Hugs to you.....this is so very hard.
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Reply to kdcm1011

Maybe have her check for UTI (urinary tract infection).
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Reply to Madtoe
DaddysgirlinTX Nov 19, 2018
Yes, I can very possibly attest to this! My dad fell and broke his hip in July and had a long seeies of pain meds, but his main problem was that he developed recurrent UTIs because he had a Foley catheter put in after the operation. He was in an SNF and twice taken to the hospital for what ultimately were diagnosed as UTIs. Each time, though he had no residual effects at those points of anesthesia or pain killers, he developed significant hallucinations. As soon as the anabiotics worked to clear the UTIs, the hallucinations disappeared as well. In my totally non-med opinion, I’m going to suggest that it could be any type of infection, not just a UTI, which could affect the body and the mind in this way, so it might be well worth a dr visit to assess. Good luck!
UTIs, cellulitis, pneumonia, hypoxia and other infections can definitely exaccerbate hallucinations in individuals with an underlying frontotemporal lobe dementia such as Lewy Body dementia.

Also, isolation contributes to the hallucinations. It might be time to discuss an assisted living arrangement so that your mother is around others during the day and a loved one at night.
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Reply to Tvb49854

Has this been going on very long? Any medication changes? UTI’s can make the elderly really wacky, and they don’t always complain about burning or frequent urination like a younger person. My mom was having hallucinations, along with a few other issues which led to a Lewey Body diagnosis. When she has hallucinations, if it’s something harmless, I say nothing. Sometimes she says I’m blind, because I can’t see what she says.
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Reply to mollymoose

Hello Cs1stDaughter,
As already mentioned here in other posts - infections are one possible cause.
And, certain medications can cause/exacerbate hallucinations in susceptible people. In Lewy Body Disease or Parkinson's with Lewy bodies, Neuroleptics and Anticholinergics are two classes of possibly, (and often!), offending drugs.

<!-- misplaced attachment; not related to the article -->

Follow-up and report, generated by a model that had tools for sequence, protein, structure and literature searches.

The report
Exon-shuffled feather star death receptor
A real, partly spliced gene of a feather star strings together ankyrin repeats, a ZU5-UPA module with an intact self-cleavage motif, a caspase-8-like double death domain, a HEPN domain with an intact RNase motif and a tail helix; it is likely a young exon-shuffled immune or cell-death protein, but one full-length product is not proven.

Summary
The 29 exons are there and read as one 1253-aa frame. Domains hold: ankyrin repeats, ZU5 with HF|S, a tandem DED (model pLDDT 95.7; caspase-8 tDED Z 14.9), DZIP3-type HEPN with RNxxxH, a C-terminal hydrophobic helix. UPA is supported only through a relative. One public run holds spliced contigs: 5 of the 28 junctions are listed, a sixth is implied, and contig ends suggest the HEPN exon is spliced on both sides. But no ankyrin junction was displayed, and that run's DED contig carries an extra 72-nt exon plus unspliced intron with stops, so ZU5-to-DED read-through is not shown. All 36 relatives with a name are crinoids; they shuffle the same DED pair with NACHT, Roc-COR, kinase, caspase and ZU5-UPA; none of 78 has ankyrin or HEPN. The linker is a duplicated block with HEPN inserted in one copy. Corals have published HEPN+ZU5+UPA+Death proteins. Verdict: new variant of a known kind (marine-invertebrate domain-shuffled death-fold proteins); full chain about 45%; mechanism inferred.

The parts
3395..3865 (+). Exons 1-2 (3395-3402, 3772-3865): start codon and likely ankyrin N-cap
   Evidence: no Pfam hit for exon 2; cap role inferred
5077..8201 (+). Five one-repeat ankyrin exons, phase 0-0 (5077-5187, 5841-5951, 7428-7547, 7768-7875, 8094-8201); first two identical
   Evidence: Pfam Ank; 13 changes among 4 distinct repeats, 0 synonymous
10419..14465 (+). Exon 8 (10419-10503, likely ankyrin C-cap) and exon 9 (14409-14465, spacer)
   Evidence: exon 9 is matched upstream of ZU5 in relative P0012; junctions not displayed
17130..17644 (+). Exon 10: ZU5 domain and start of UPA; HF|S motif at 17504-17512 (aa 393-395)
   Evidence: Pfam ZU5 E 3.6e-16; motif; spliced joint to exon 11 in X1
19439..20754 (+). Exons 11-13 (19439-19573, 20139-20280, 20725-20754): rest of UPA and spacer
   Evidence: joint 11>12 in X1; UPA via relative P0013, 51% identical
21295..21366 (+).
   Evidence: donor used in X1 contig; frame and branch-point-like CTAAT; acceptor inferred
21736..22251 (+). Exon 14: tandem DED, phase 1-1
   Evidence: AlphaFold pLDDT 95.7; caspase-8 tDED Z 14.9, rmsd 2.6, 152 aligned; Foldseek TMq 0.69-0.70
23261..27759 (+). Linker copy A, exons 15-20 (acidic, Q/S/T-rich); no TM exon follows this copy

Lewy Body Disease does not present very often, with cognitive impairment and dementia until the very advanced stages, and sometimes there's no obvious dementia - but fluctuation of cognition presents. Hallucinations will often be present in early LBD.
You may know all this (but still, many health professionals don't,) so to your question as to how to manage the hallucinations present for whatever reason -- yes, you go along with the person; reassure them as often as it takes, that these visions they ARE seeing ARE harmless, but, you'll take take care of them. When things settle down, sometimes a day or so later, (but you do definitely need to gauge the receptiveness and mood), you can slowly bring them to realise themselves ... not by denying any visions, nor make any referance to theirs! - but work into conversation that you recall times you had visions when you had a fever or whatever.... A technique I used that worked - so well in fact that the LO was reassuring another LO in time... Amazing to witness!
It's all about reassurance.
Do hope this helps - also comforting to know that if the person has Lewy, the hallucinations become much less frightening as time goes by. Usually visions of little children ....
Take care yourself -- LBD is very hard on primary carer, too. It of course in your LOs case may not also be LBD....
God bless
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Reply to Advocacy

If Mom gets checked for a medical infection and it’s not the problem, then finding a Neurologist is the next step. There are drugs to help with those “real” hallucinations. They’re real to her so no words to the contrary will help her.

My husband had them every night and I read about a new drug and asked his Dr. to prescribe it. It worked! There is help out there. The drug my husband is on is only for people with Parkinson’s so it won’t help to mention the name here.
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Reply to Rosemary44